West Side Markets Tower on Broadway

A developer, Surtsey Realty Company, a company of Howard Katz, has announced plans to build an apartment building on the West Side Markets site. The developer of the project is Broadway 110 Developers LLC, an affiliate of Surtsey Realty Co. LLC, which has owned the property since 1981. The principals of Surtsey have been in the real estate business -- as owners, managers, and developers -- for over 50 years. Some of their other prominent properties on the Upper West Side in Manhattan include the Beacon Theatre and Hotel, which is operated as a full-service hotel, and the Alden and Oliver Cromwell Hotels, which were converted to residential use in the mid-1980s. In the 1960s, Surtsey Realty began converting to co-ops several of the distinctive West Side properties it owned such as 345 Riverside Drive and 600 West 111th Street.

The architects are Platt Byard Dovell White, a fine firm with some good preservationist work, like the restoration of Columbia's Casa Italiana, in its past.

UPDATE 04/29/04: Plans have been presented to CB9. There are two options: a low-rise 10-story building as-of-right, and a 16 story tower with a variance. The tower would avoid demolishing the West Side Markets building itself, though it would destroy the old Chemical Bank building. CB9 recommended the variance be granted, remanding the matter to the Board of Standards & Appeals.

"We would like the opportunity to save the old building," said Paul Byard, one of the architects presenting the project. However, this option would require waivers from the community approving the additional height the architects want over the 85 feet allowed by current zoning laws. The terra-cotta building that, according to Byard, has become "an icon of this neighborhood," would undergo renovations throughout the course of the construction next door, ranging from reglazing the roof tiles to adding a metal and glass canopy in front.

The proposed renovations would require about three months less time to complete than demolishing the building and starting anew, but the project would still take an estimated 17-18 months total, during which time the commercial tenants of the building would be unable to operate there.

Michele de Milly, the public relations official representing Surtsey Realty Company, LLC, said that West Side Market would be welcome to return once renovations were complete. "If they wish to come back into this building, they'll be welcome," she said. "The idea is to have neighborhood retail in those spaces."

The owners propose to construct a 14-story mixed-use development with approximately 88,000 square feet of residential space, 91 parking spaces and approximately 10,000 square feet of new and renovated retail space. The architecture and interior design of the residential building will provide all the amenities mandated under the City’s “quality housing” program. The total square-footage (98,169) of the proposed new building is the same as that permitted on an “as of right” basis on this site. However, as-of-right massing constraints would cause the terracotta building to be demolished and replaced with an 11-story squat, bulky building built to the street line on Broadway, which would diminish the light and air along 110th Street and Broadway.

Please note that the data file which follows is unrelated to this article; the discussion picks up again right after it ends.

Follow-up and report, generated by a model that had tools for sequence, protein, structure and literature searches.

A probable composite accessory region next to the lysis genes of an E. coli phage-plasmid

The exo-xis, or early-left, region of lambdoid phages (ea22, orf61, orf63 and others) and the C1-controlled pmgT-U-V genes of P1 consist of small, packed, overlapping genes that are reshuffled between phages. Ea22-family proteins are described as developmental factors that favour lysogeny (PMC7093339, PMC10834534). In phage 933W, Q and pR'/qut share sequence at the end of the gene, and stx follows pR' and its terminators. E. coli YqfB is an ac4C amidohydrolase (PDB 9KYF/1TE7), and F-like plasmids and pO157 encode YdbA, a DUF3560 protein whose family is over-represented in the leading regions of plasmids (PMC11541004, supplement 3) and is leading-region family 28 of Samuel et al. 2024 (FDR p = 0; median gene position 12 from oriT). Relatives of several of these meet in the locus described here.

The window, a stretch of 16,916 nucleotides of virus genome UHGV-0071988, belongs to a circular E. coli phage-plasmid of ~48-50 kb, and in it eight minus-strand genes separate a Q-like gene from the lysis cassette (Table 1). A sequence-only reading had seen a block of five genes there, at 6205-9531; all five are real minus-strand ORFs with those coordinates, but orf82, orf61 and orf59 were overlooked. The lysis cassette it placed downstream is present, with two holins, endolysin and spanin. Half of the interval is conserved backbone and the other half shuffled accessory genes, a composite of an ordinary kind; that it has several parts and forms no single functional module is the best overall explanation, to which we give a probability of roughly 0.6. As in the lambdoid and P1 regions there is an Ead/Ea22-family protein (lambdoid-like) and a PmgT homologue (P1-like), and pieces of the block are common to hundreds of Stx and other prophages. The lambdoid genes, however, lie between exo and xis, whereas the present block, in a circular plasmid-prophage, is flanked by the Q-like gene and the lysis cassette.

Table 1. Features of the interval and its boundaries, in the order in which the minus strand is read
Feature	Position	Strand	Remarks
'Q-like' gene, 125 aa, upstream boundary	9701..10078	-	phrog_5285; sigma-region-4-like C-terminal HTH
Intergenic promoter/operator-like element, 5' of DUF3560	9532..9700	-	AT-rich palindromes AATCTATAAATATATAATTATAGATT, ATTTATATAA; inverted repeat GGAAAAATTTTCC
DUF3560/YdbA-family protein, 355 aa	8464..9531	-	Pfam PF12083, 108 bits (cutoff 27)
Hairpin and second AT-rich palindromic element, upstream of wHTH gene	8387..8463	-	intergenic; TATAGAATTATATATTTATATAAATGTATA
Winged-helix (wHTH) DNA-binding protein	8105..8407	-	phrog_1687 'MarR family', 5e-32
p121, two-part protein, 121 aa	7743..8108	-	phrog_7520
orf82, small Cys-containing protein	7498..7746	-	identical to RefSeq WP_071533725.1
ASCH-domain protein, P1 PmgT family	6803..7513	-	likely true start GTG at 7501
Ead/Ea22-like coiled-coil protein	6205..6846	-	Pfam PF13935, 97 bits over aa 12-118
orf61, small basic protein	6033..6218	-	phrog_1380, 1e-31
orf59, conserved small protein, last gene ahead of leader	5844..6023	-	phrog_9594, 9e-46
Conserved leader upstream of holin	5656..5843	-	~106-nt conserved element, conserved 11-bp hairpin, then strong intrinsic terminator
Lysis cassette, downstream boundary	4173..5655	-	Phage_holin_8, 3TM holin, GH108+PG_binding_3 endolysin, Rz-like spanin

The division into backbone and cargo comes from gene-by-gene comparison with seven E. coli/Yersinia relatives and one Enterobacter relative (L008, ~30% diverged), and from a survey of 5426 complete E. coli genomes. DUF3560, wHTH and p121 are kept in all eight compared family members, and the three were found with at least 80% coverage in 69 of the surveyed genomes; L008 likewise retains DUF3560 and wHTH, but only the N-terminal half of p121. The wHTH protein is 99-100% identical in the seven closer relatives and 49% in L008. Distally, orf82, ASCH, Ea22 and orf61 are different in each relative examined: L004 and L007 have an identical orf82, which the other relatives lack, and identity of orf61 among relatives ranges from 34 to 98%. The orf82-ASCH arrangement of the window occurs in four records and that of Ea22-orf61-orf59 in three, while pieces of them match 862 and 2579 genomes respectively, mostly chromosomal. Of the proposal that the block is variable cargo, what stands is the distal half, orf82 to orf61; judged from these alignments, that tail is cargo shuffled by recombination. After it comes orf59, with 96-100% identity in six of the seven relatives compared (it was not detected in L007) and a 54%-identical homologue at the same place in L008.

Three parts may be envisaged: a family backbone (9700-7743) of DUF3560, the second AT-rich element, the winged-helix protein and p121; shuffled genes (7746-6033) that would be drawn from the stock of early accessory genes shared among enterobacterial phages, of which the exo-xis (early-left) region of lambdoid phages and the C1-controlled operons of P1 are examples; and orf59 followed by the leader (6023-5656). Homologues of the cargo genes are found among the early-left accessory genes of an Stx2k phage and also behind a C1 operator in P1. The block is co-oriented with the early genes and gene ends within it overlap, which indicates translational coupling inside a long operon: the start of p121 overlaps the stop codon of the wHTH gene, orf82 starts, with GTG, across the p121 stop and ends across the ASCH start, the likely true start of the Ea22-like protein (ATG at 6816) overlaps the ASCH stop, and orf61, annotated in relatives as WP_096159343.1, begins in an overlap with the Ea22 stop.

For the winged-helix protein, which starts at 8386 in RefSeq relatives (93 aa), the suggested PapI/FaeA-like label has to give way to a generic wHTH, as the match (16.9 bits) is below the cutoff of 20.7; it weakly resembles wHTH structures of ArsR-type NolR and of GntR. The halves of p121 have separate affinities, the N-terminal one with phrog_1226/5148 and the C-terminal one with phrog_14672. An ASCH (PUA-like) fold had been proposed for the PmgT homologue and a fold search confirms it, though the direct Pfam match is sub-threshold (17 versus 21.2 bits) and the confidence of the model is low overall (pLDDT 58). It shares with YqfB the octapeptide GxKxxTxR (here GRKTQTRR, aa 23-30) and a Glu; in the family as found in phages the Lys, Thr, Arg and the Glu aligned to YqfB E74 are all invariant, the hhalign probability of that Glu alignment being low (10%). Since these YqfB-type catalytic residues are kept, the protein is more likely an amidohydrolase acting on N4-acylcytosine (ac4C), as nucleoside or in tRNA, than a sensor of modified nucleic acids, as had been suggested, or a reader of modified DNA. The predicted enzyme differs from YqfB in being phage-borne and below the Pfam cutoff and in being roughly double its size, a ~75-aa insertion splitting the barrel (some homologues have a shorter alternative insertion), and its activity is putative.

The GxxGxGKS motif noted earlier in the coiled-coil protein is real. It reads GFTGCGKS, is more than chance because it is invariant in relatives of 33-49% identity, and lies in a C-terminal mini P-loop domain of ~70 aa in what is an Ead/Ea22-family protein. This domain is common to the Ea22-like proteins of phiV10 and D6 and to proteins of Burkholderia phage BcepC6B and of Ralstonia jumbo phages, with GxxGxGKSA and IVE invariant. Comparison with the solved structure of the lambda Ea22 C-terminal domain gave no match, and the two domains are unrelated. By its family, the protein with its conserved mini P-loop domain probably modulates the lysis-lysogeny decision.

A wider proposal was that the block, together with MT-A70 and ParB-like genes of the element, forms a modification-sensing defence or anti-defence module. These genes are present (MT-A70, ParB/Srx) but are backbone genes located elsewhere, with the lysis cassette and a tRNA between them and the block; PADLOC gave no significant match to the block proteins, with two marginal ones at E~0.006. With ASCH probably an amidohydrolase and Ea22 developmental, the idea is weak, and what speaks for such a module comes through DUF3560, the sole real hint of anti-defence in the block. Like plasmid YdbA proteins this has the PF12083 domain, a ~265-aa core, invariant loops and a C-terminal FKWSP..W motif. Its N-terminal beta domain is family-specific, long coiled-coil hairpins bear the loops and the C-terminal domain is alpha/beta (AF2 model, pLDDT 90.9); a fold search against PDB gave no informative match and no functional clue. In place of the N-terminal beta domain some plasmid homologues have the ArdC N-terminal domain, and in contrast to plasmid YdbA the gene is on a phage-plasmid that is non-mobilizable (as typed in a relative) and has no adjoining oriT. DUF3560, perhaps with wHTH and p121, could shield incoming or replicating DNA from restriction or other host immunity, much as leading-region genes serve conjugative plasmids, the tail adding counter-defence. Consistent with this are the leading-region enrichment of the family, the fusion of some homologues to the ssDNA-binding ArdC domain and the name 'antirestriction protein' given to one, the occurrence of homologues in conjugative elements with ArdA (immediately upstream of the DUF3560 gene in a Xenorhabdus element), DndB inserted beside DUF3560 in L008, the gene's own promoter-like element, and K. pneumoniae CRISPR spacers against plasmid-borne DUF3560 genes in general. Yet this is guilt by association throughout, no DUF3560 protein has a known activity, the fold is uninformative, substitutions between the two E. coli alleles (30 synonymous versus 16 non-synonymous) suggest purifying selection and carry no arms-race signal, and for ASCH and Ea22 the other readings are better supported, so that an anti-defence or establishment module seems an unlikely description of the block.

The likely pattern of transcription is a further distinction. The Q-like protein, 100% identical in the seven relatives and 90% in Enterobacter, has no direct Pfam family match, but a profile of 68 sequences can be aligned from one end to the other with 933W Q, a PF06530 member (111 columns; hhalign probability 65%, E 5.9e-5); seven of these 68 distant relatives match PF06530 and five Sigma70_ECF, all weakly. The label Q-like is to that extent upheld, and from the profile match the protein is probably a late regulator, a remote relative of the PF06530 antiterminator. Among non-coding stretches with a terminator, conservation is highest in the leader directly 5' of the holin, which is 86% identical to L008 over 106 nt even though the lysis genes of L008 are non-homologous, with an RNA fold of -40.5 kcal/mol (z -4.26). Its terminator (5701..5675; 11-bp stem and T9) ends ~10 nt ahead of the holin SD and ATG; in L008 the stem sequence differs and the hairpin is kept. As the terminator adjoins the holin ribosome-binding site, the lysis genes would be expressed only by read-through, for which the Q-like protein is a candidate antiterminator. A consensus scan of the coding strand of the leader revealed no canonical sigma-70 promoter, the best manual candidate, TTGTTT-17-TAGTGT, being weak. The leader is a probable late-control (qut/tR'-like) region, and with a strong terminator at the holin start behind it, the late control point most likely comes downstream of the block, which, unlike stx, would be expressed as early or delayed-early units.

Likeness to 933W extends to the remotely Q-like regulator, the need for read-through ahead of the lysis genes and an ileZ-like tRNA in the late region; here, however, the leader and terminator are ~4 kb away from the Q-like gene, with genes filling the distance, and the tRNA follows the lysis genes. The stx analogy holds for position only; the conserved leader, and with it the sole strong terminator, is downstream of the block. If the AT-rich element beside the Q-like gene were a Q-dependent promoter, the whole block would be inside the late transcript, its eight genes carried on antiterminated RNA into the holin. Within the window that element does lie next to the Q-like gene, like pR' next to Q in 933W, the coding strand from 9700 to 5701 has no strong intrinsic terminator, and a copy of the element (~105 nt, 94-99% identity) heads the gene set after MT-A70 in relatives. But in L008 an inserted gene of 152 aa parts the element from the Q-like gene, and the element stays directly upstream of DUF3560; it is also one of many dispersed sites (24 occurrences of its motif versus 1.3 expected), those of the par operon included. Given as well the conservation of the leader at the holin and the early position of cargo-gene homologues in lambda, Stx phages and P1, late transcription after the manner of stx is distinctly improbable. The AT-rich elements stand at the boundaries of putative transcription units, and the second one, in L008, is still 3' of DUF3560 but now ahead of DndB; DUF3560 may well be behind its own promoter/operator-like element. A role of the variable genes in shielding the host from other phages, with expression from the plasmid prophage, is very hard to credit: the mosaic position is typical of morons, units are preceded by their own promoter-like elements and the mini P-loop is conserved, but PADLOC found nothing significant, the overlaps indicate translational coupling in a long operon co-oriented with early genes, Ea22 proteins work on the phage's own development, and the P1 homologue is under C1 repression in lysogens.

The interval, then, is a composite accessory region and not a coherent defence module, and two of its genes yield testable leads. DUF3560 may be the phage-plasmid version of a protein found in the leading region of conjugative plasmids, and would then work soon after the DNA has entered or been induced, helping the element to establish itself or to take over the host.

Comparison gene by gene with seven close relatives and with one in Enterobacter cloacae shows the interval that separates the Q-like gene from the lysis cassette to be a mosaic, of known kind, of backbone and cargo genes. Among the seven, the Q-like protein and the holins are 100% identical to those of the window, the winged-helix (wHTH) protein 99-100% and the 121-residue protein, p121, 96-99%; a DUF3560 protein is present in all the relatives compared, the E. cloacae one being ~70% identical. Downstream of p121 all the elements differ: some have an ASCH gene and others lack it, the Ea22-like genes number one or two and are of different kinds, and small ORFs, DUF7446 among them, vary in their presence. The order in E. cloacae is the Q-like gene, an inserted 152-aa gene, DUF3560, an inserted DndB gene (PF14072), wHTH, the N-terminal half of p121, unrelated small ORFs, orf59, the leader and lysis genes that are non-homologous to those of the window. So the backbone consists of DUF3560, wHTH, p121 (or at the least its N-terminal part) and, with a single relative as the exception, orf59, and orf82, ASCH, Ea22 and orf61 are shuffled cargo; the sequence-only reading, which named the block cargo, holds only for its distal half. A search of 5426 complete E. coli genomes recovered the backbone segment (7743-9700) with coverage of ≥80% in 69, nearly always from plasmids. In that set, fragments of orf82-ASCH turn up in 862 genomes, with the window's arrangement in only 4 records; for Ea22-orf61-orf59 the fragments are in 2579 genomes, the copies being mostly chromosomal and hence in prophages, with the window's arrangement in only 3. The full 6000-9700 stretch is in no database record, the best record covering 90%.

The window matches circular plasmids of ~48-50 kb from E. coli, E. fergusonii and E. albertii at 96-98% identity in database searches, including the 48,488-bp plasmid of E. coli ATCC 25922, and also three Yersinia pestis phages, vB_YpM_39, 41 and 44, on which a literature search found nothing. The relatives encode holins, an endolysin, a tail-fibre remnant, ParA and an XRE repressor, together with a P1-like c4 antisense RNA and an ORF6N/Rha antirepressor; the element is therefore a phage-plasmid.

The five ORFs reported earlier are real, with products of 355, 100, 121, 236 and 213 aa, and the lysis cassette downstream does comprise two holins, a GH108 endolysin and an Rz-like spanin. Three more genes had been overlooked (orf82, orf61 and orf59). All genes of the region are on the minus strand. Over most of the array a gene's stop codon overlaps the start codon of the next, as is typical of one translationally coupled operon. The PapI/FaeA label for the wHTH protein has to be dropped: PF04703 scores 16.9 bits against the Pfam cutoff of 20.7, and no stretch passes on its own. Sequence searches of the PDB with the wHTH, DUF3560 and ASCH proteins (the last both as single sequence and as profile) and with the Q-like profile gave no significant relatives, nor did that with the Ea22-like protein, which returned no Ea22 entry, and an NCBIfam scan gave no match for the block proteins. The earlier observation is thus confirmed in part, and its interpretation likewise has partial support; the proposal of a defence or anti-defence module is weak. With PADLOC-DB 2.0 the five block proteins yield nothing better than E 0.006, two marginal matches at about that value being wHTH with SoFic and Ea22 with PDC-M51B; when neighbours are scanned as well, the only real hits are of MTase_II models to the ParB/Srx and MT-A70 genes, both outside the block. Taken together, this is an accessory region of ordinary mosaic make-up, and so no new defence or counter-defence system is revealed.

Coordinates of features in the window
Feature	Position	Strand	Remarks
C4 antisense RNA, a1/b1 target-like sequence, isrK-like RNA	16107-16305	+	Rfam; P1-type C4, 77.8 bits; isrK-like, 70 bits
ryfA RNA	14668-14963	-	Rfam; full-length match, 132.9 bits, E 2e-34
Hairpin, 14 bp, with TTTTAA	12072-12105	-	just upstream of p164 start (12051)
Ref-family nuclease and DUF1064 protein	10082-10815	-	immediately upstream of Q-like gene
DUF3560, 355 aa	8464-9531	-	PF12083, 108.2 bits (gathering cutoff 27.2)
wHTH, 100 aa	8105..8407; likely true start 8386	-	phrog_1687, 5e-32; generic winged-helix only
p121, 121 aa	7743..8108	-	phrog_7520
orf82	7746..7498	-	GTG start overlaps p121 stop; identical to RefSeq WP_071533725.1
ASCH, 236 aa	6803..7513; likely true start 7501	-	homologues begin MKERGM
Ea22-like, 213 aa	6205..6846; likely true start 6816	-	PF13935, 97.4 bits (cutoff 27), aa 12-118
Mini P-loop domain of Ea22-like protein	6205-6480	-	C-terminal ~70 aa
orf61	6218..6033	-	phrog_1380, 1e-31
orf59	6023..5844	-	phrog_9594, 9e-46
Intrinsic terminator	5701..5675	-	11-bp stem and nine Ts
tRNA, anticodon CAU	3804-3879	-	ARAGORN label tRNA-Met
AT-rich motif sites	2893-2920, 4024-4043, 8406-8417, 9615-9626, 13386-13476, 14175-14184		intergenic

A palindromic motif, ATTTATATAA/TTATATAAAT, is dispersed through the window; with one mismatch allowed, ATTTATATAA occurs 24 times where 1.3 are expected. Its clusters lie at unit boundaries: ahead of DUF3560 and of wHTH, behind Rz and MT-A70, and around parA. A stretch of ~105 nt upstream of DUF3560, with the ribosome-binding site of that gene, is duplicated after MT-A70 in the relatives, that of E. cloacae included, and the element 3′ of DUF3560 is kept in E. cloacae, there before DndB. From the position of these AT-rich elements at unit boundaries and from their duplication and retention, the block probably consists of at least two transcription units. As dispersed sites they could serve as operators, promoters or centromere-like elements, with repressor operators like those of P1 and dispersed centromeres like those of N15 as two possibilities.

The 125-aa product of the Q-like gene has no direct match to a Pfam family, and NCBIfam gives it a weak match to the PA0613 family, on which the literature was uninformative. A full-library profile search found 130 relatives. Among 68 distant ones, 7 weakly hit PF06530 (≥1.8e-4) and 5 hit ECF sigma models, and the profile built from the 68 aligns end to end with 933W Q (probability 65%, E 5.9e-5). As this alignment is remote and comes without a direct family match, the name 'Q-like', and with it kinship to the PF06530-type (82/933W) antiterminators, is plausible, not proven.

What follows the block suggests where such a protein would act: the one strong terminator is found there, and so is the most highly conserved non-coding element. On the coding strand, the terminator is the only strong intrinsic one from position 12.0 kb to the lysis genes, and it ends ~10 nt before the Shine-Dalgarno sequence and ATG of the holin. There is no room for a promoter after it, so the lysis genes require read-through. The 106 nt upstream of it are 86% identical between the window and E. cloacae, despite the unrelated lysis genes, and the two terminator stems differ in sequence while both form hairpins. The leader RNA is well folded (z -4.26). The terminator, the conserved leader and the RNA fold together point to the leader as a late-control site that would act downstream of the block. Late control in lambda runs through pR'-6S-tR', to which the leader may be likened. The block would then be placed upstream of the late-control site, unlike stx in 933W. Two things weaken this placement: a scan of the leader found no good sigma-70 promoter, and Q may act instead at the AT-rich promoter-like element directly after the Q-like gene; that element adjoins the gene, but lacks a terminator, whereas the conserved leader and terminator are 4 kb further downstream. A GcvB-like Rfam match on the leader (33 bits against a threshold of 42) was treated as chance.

In order to maintain the light, air, and open space at this important intersection and to preserve the existing low-rise tile and terracotta building, the new structure will be pulled back from Broadway by 47 feet, creating a significant set-back from the avenue. The current configuration of buildings allows a generous amount of light and air along both Broadway and 110th Street; the setting of the new building’s residences is designed to ensure that much of this light and air will be preserved.

The new building will contain sizeable, family-oriented condominiums -- larger (and therefore fewer) units than permitted in the as-of-right scheme -- 55 units versus 119. Along with four retail spaces on the ground floor, the plan calls for 91 underground parking spaces. The new building, which is immediately adjacent to a 14-story building, will rise to a total of 176 feet, with 15 stories and a mechanical floor above. There will be three set-backs along Broadway: 58 feet at the third floor, a total of 66 feet at the 14th floor, and 84 feet at the 15th floor. There will be two set-backs along 110th Street: 10 feet at the 13th floor and 12 feet 6 inches at the 14th floor.

Construction Start: Spring 2004
Retail Occupancy: Spring 2005
Tenant Occupancy: Fall 2005

Architects: Platt Byard Dovell White LLC
Historical Consultant: Higgins & Quasebarth
Mechanical Engineers: George Langer Associates
Structural Engineers: Rosenwasser & Grossman
Construction Management: Pavarini McGovern

Stories: 10.
Height: 138ft to bulkhead.
Clearance: No clearance to 535 W. 110th St, all of whose west-facing windows will be bricked up.
Terra-cotta Building: Demolished.
Supermarket: Returns in 18-24 months.

Stories: 13.
Height: 177ft to bulkhead, i.e. 1 ft less than the Hedrik Hudson building across Broadway, 10ft less than the Columbia School across 110th St, 16 1/2 ft higher than 535 W. 110th St.
Clearance: 8 ft. to 535 W. 110th St, which will keep its windows.
Terra-cotta building: Preserved.
Supermarket: Returns in 12-15 months.

24hr supermarket restored.
Columbia Bagels will return if owner doesn't retire.
55 2-br condominiums
90-car garage

Michele de Milly
Geto & de Milly, Inc.

The Built Result

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